Dr. Janna Levin Wows GA Girls– With Astrophysics!

Dr. Janna Levin Wows GA Girls-- With Astrophysics!

On Thursday March 6, Dr. Janna Levin, a Professor of Physics and Astronomy at Barnard College, visited Greenwich Academy to share her knowledge of black holes with the Upper School student body. She surprised everyone with her humor and comprehensibility – even me.

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source: mattovermatter.com

Dr. Levin graduated from Barnard with a BA in Physics and Astronomy and a concentration in Philosophy. She then received a PhD in Physics from MIT. As an Astrophysicist, Dr. Levin currently specializes in theoretical physics and the history of physics.

In addition to teaching, Levin also is a novelist. Her first book, How the Universe Got Its Spots, was published in 2002. Most recently, her novel, A Madman Dreams of Turning Machines, won the PEN/Bingham Prize.

Levin’s main strength as a presenter was her ability to explain the complicated theories behind how black holes function in language that even I – one of the least scientifically knowledgeable individuals – could understand. To enhance her presentation, Levin had prepared a PowerPoint filled with simulations of distant events in the universe such as galaxies colliding and black holes expanding.

Since much of her work is theoretical, the events depicted in the videos were models from sources like the American Museum of Natural History and the Hubble Space Telescope.

Dr. Levin noted, though, that the theoretical nature of her work leaves much room for creativity. She explained that once one accepts the absolute constraints in Physics, a world of possibility opens up. She also explained that all of her discoveries are made simply by doing math.

Personally, I found it interesting that physicists learn to think outside the box and use their imaginations by first accepting unwavering laws of the universe. In this way, she explained, physicists are not so different from artists.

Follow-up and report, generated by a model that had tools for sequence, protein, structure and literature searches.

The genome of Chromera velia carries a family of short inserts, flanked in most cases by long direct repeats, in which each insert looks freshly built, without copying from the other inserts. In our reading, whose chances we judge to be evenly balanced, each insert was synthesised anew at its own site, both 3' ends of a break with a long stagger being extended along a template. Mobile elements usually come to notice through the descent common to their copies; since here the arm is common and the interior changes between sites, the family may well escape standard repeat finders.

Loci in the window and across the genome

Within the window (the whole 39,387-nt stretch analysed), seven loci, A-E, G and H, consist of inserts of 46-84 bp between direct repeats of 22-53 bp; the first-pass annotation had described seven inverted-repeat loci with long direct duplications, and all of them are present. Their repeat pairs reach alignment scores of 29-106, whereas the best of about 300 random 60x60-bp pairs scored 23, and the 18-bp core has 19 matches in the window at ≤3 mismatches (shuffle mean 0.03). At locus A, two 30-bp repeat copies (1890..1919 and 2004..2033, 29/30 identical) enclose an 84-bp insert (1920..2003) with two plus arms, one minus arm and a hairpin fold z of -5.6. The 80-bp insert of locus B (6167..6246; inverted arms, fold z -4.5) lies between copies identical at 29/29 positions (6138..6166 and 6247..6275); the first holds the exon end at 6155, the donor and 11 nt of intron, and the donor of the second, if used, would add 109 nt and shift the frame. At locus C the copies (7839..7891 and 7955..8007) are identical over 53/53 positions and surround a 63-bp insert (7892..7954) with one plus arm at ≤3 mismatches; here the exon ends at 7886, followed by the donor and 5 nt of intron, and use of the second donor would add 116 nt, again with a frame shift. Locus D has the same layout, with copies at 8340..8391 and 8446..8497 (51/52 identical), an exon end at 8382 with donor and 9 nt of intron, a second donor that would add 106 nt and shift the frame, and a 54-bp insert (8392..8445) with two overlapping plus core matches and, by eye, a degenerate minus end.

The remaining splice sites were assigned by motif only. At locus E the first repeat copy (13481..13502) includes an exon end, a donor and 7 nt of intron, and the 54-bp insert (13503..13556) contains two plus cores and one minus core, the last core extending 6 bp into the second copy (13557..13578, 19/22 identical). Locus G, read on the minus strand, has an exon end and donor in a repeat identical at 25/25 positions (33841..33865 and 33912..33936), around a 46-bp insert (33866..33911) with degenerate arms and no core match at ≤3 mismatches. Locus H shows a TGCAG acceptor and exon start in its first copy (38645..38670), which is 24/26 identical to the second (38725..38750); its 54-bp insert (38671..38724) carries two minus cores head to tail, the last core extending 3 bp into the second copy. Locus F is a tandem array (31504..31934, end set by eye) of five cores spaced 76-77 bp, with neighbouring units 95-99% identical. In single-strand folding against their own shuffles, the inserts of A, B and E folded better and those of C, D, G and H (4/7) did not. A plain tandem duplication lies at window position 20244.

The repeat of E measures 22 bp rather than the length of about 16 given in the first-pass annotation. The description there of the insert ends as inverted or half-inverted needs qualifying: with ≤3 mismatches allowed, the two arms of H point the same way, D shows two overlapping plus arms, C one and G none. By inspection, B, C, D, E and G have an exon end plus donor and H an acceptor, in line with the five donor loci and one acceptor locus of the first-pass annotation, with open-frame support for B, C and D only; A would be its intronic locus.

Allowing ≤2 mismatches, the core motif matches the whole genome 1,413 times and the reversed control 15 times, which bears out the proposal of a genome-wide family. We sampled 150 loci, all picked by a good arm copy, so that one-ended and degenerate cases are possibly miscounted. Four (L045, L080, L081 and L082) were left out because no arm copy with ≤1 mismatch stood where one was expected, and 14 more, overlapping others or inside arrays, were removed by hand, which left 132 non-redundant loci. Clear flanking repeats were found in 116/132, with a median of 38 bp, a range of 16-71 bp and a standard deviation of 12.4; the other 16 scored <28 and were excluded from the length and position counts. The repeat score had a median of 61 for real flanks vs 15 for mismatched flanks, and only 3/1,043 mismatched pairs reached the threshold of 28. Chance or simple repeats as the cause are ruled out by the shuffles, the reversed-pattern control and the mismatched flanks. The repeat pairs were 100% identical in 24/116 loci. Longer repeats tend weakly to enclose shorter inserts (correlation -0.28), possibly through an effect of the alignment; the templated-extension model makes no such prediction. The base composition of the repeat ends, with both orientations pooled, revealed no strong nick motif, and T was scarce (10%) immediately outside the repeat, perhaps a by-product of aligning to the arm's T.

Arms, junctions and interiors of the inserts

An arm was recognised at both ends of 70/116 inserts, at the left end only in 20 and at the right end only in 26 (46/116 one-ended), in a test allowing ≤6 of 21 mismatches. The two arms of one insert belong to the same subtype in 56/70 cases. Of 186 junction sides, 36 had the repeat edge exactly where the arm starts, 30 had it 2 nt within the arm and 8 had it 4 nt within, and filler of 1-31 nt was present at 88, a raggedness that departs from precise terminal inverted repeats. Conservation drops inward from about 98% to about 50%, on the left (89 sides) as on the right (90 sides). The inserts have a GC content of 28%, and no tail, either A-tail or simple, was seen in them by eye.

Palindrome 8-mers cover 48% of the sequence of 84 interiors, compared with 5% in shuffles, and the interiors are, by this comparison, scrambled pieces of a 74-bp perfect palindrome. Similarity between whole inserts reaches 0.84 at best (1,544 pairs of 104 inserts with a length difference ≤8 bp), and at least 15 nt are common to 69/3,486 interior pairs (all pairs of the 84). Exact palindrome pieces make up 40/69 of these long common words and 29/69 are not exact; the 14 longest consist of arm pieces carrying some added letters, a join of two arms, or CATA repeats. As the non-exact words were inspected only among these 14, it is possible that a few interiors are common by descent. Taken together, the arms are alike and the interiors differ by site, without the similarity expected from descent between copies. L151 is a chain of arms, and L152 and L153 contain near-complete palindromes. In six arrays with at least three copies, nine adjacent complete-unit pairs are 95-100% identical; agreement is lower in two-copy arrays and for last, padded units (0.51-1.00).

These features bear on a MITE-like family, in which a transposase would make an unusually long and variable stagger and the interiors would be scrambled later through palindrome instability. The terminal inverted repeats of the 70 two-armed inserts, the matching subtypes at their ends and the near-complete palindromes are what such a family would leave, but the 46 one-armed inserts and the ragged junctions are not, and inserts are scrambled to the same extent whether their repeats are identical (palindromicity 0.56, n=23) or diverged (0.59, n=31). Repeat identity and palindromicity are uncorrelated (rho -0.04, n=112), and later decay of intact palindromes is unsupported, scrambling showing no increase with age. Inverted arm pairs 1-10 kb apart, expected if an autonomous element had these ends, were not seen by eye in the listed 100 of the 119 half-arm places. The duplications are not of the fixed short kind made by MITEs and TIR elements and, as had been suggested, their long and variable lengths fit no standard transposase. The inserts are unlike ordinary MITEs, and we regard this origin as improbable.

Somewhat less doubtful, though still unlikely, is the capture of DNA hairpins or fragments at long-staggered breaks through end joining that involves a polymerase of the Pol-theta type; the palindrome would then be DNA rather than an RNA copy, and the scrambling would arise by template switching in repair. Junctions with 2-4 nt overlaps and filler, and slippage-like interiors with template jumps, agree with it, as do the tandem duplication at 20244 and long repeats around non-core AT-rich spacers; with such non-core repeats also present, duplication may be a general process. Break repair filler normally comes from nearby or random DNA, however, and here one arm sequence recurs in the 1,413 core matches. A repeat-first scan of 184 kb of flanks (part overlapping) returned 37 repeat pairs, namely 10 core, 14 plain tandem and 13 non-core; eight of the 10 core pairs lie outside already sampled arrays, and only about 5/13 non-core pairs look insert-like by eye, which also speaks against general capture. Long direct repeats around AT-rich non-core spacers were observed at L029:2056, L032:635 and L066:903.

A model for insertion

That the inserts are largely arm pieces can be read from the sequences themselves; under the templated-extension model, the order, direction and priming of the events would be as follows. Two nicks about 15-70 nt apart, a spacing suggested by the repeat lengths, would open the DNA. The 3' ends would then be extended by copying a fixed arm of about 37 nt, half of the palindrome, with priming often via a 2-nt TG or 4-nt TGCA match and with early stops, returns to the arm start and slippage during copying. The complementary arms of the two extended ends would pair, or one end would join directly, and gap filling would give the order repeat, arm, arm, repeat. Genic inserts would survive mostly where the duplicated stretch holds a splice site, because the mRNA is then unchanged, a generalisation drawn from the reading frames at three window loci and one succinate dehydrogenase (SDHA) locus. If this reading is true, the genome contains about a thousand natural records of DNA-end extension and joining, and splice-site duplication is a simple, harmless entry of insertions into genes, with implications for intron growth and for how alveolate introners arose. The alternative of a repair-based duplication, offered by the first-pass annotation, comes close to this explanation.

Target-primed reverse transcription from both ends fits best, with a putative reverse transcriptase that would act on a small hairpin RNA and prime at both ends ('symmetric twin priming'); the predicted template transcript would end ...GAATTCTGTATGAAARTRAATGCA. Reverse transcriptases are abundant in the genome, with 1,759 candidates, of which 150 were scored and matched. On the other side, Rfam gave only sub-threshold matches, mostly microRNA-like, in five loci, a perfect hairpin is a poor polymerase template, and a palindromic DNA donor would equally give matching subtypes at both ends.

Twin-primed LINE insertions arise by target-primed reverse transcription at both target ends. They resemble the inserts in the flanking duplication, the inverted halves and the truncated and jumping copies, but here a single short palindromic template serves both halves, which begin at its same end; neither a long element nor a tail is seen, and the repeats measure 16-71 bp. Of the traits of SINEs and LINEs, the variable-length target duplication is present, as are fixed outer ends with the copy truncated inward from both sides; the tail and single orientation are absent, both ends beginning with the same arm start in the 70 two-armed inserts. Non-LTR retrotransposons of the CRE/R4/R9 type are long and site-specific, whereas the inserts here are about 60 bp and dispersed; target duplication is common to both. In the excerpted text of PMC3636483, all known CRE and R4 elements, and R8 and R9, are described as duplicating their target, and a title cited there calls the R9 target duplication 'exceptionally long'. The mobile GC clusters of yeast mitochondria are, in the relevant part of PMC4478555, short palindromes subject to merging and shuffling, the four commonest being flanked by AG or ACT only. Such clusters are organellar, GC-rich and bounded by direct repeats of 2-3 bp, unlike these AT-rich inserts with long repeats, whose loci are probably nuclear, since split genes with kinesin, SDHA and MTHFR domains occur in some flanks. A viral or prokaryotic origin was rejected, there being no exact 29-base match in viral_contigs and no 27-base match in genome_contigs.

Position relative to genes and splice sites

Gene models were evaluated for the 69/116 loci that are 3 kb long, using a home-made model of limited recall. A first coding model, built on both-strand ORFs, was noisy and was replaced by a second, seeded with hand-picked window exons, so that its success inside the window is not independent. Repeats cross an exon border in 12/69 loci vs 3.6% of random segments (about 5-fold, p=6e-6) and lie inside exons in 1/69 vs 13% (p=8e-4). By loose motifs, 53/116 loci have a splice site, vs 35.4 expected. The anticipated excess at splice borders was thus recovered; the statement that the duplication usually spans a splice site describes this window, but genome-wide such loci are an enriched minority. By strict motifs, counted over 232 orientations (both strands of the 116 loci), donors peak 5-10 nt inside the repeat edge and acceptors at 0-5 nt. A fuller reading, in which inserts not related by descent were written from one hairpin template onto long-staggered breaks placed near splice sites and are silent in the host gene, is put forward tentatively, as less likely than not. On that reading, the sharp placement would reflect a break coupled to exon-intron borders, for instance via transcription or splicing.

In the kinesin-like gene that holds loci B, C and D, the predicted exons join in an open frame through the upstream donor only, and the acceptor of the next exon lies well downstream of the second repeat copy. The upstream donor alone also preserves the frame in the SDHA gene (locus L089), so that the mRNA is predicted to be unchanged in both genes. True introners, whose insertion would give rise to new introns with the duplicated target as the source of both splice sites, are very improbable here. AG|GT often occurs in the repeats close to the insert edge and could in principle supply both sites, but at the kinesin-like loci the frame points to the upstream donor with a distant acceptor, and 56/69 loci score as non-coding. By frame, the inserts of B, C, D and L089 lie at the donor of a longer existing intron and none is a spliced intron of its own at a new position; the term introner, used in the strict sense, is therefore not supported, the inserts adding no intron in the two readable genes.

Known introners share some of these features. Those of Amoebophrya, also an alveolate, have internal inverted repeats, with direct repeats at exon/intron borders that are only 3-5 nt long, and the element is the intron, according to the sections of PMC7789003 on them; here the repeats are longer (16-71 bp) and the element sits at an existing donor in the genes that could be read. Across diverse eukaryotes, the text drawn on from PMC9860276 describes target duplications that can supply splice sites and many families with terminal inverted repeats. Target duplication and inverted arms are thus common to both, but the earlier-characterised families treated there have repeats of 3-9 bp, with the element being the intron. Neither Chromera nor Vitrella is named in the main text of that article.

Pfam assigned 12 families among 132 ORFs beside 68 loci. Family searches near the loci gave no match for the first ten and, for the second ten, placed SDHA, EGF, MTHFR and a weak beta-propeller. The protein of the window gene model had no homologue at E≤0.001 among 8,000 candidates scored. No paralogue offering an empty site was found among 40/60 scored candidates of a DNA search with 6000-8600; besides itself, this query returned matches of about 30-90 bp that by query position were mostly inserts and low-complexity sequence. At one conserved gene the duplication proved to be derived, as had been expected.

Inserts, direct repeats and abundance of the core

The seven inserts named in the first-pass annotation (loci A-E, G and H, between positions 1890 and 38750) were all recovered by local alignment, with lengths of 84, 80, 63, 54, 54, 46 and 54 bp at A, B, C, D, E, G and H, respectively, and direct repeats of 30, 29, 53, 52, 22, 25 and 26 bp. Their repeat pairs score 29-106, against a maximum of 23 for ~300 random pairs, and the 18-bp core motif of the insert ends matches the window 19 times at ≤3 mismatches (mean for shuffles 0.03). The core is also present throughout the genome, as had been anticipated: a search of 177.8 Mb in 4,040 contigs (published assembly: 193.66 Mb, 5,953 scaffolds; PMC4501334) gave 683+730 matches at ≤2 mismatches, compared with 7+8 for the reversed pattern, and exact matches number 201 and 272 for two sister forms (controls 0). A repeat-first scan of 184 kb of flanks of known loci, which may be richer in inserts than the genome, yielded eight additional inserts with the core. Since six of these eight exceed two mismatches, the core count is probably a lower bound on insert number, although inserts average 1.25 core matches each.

At first, I was extremely frustrated when I learn that a Flex period I could have used to do homework or socialize with friends was going to be wasted listening to an astrophysicist. Science is not my forte – I did not understand Chemistry and the invisible theories so vital to Physics make no sense to me.

I consider myself to be a Humanities scholar, and therefore, I was confused why anyone would expect me to be interested in or even capable of understanding anything a physicist had to say.

But Dr. Levin proved me wrong. She inspired me as soon as she walked onto the stage – she was hysterically funny and personable and made “STEM” fields feel accessible and relevant.

I loved the fact she majored in Philosophy in college, because I did not even realize that there was a philosophical dimension to physics. Levin’s jokes about whether galaxies about which natural occurrence would kill us first – galaxies colliding, the sun exploding, or climate change – along with her psychedelic black hole models made for one of the most interesting assemblies I have attended in my four years at GA.

Her assembly not only changed the way I look at Physics, but it also widened my outlook on college majors. I no longer feel trapped by the humanities and excluded from STEM. Not only did Levin make Astrophysics inspiring and interesting to those of us who do not choose to take advanced Physics courses, but the section of her PowerPoint that introduced me to the beautiful, intelligent, and creative women she shares a lab with made STEM fields seem less daunting and more expansive than I had believed.

I have certainly learned my lesson – never assume that the speaker you do not think you can relate to is going to be boring!